Rain radars can generally help to overcome the problem of spatial representation, even in high mountains under convective precipitation regimes (e.g., Hagen et al. 2000). However, these indirect measurements reveal problems resulting from the conversion of radar reflectivity to rain rate. Various other sources of errors exist, like ground clutter contamination of the signal in complex terrain and uncertainties in the calibration (refer to Austin and Wickham 1995; Bringi and Chandrasekar 2001; Andrieu et al. 1997). Also, rain radars do not measure the rain rate at the ground level but at certain altitudes, depending on the elevation angle and the distance from the radar site. Moreover, the achievable spatial resolution of X-band radars lies at the upper limit appropriate for limited-area ecological studies.

Over the last decades, several techniques of rainfall retrieval have been developed based on optical sensors and/or active and passive microwave instruments [a good overview is given by Levizzani (2003)]. However, some techniques still show large deviations to ground-based measurements (Masunaga et al. 2002), while others lack a very poor temporal and spatial resolution (especially microwave sensors on polar-orbiting platforms). Although some techniques could successfully be used for tropical high mountains (Bendix 2000; Bendix et al. 2003a, b), their spatial resolution is still inadequate for limited-area ecological research.

2. Material and methods

a. Study area

The study area is located in southern Ecuador (3°58′S, 79°05′W) ranging between 1800 and 3200 m above sea level (ASL) and covering about 1100 ha. The study site of the joint research group is the Reserva Bíologica de San Francisco (Fig. 1; refer also to Beck and Müller-Hohenstein 2001). Prototypes of all point measurements considered here (and partly used elsewhere in the study area along the altitudinal gradient between 1800 and 3200 m ASL) were installed at one supersite close to the Estación Científica San Francisco (ECSF) research station, where they are operating in parallel, along with the main automatic climate station (see Fig. 2). Besides commercially available samplers, two types of self-constructed samplers are used as well, due to a limited budget. The supersite is situated in a clearing on a ridge just above the valley bottom. Forest margins are some 100 m away, but wind speeds are generally low (daily mean about 1.4 m s−1 with a standard deviation of 0.6 m s−1; Richter 2003); hence, no considerable effect of wind is expected. Average annual rainfall is about 2200 mm, as determined by the longest available dataset (1998–2005). Rain intensities are generally low with 73% of all rain rates between 0.1 and 1 mm h−1, because the main type of precipitation is from advective clouds, which are orographically enhanced. The interannual variability of precipitation is low. In the 5 yr observed so far, the maximum annual total was 2473 mm and the minimum was 2171 mm. The seasonality is relatively constant too. The main rainy season is from April to July but all months of the year receive more than 100 mm. The greatest variability occurs in the weak dry season in November, but no month exceeds a standard deviation of 50% of the 5-yr average (1998–2003). The periods considered for this study did not depart significantly from these average values. Not even the final phase of the El Niño event of 1998 caused notable changes in the annual cycle (Rollenbeck et al. 2005).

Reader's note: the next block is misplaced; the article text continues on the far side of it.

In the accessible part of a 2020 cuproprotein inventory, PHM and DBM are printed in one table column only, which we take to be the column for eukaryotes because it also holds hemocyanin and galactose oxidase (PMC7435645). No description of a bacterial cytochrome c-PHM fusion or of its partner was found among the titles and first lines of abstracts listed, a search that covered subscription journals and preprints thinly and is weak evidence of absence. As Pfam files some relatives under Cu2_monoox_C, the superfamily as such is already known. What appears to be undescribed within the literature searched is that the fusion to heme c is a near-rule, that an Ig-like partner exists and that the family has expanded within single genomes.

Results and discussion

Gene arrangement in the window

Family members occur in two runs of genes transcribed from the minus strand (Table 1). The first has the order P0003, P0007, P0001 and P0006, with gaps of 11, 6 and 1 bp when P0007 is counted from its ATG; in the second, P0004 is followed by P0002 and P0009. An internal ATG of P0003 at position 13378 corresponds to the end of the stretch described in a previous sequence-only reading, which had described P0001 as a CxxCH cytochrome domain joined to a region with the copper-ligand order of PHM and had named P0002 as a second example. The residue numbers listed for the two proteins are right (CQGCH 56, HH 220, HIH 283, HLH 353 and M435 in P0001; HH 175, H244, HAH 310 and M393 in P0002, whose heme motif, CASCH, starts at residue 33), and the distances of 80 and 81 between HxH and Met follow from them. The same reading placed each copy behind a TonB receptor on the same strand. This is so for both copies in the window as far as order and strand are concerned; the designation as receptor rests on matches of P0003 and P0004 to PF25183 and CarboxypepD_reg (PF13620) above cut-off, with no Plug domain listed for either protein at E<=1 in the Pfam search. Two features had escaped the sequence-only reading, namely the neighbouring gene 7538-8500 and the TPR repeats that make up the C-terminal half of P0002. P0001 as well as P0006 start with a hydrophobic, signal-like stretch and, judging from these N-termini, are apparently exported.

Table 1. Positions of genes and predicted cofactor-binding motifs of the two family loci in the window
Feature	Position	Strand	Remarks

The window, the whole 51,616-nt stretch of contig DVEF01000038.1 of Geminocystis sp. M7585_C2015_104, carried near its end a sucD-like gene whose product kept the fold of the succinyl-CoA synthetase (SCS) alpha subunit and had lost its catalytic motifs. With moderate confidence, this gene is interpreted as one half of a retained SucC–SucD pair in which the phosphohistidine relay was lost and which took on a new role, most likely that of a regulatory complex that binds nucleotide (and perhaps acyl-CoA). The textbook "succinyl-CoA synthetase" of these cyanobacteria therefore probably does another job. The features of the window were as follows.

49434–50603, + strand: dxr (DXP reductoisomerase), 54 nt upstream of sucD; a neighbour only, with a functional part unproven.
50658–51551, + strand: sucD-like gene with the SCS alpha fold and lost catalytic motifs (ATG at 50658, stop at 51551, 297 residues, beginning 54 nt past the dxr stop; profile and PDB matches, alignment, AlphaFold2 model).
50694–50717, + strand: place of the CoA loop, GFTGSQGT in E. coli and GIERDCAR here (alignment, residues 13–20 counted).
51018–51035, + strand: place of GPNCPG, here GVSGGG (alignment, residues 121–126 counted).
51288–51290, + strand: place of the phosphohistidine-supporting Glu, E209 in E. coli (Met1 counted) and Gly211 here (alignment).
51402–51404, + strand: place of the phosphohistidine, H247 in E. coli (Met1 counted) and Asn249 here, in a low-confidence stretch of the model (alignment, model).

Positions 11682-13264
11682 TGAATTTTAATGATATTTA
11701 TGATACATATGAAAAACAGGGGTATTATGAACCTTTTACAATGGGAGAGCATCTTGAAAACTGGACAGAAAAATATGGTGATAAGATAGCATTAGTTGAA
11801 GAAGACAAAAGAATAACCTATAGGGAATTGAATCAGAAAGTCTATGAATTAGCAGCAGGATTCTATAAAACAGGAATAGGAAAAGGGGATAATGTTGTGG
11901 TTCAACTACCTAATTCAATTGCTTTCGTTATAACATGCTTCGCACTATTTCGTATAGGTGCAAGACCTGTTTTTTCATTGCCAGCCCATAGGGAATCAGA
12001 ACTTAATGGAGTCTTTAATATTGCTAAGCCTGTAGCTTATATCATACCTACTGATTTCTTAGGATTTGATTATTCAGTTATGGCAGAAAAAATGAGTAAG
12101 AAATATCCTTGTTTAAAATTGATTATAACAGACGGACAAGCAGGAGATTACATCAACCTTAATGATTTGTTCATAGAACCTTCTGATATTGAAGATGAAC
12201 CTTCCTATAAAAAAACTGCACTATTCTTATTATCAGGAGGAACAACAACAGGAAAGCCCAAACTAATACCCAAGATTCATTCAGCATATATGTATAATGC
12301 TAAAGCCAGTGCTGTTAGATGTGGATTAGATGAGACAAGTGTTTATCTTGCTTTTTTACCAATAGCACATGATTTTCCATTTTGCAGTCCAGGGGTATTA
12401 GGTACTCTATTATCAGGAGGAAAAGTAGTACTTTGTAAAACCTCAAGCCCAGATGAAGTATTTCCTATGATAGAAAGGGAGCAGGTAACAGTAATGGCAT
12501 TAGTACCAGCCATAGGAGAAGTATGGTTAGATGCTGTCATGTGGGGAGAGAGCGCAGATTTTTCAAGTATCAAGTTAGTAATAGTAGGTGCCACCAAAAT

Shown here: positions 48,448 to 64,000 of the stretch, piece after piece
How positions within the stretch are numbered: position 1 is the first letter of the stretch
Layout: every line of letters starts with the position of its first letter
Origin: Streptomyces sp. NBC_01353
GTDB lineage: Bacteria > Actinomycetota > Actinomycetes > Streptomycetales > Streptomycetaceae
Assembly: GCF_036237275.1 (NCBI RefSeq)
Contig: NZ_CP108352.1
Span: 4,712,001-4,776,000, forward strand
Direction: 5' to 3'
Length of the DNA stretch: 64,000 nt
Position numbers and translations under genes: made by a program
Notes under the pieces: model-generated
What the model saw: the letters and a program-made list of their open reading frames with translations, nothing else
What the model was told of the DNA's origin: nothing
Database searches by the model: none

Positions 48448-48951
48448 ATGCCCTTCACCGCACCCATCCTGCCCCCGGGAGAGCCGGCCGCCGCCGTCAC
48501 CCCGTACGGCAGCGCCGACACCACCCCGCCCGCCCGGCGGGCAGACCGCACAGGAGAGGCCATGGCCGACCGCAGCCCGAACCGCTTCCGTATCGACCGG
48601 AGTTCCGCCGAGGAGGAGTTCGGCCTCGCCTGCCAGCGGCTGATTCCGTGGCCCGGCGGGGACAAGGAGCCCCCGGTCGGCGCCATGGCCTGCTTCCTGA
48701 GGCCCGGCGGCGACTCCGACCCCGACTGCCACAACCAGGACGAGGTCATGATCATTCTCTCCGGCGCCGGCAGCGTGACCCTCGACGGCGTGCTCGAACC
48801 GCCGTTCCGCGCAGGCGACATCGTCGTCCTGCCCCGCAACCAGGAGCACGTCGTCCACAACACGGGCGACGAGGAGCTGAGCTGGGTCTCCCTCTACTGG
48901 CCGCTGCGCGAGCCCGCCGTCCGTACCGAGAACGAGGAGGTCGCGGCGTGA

Fig. 1.

Study area and location of the climate stations and associated measurements. Circles in the left panel show the near range of the LAWR rain radar.

Fig. 1.

Study area and location of the climate stations and associated measurements. Circles in the left panel show the near range of the LAWR rain radar.

Fig. 2.

Automatic climate station and setup of the different rain gauges. The protection fence was placed at an early stage of the project; hence it does not include all instruments. Elevation contours show intervals of 2 m. For explanation of numbers, see Fig. 3 and Table 1.

Fig. 2.

Automatic climate station and setup of the different rain gauges. The protection fence was placed at an early stage of the project; hence it does not include all instruments. Elevation contours show intervals of 2 m. For explanation of numbers, see Fig. 3 and Table 1.

The basic system established in 1998 was an automatic climate station (refer to Richter 2003). This station is equipped with a standard tipping-bucket gauge of 200 cm2 collecting surface, called “THIES-Ombrometer” by the manufacturer and widely used by the German weather service (referred to as THIES below). The attached datalogger records hourly totals of the registered rainfall with a nominal resolution of 0.1 mm.

Other measurements are provided by the soil scientific and hydrological research group (Wilcke et al. 2001) using a self-constructed totaling gauge of 104 cm2 collecting surface and a plastic ball mechanism to reduce evaporation losses from the reservoir (Fig. 3, left; referred to as “104” below). The funnel holds a 0.5-mm-mesh-wide filter sieve to prevent contamination by insects and debris. This type of gauge was used to determine subcanopy rainfall and chemical characteristics of rainwater at six sites in different catchments. Five of these instruments were installed at the supersite for comparison purposes and were sampled weekly. The average of the five gauges is used to determine the weekly precipitation totals for this type of gauge.

Fig. 3.

Schematic view of the three types of totaling rain gauges used.

Fig. 3.

Schematic view of the three types of totaling rain gauges used.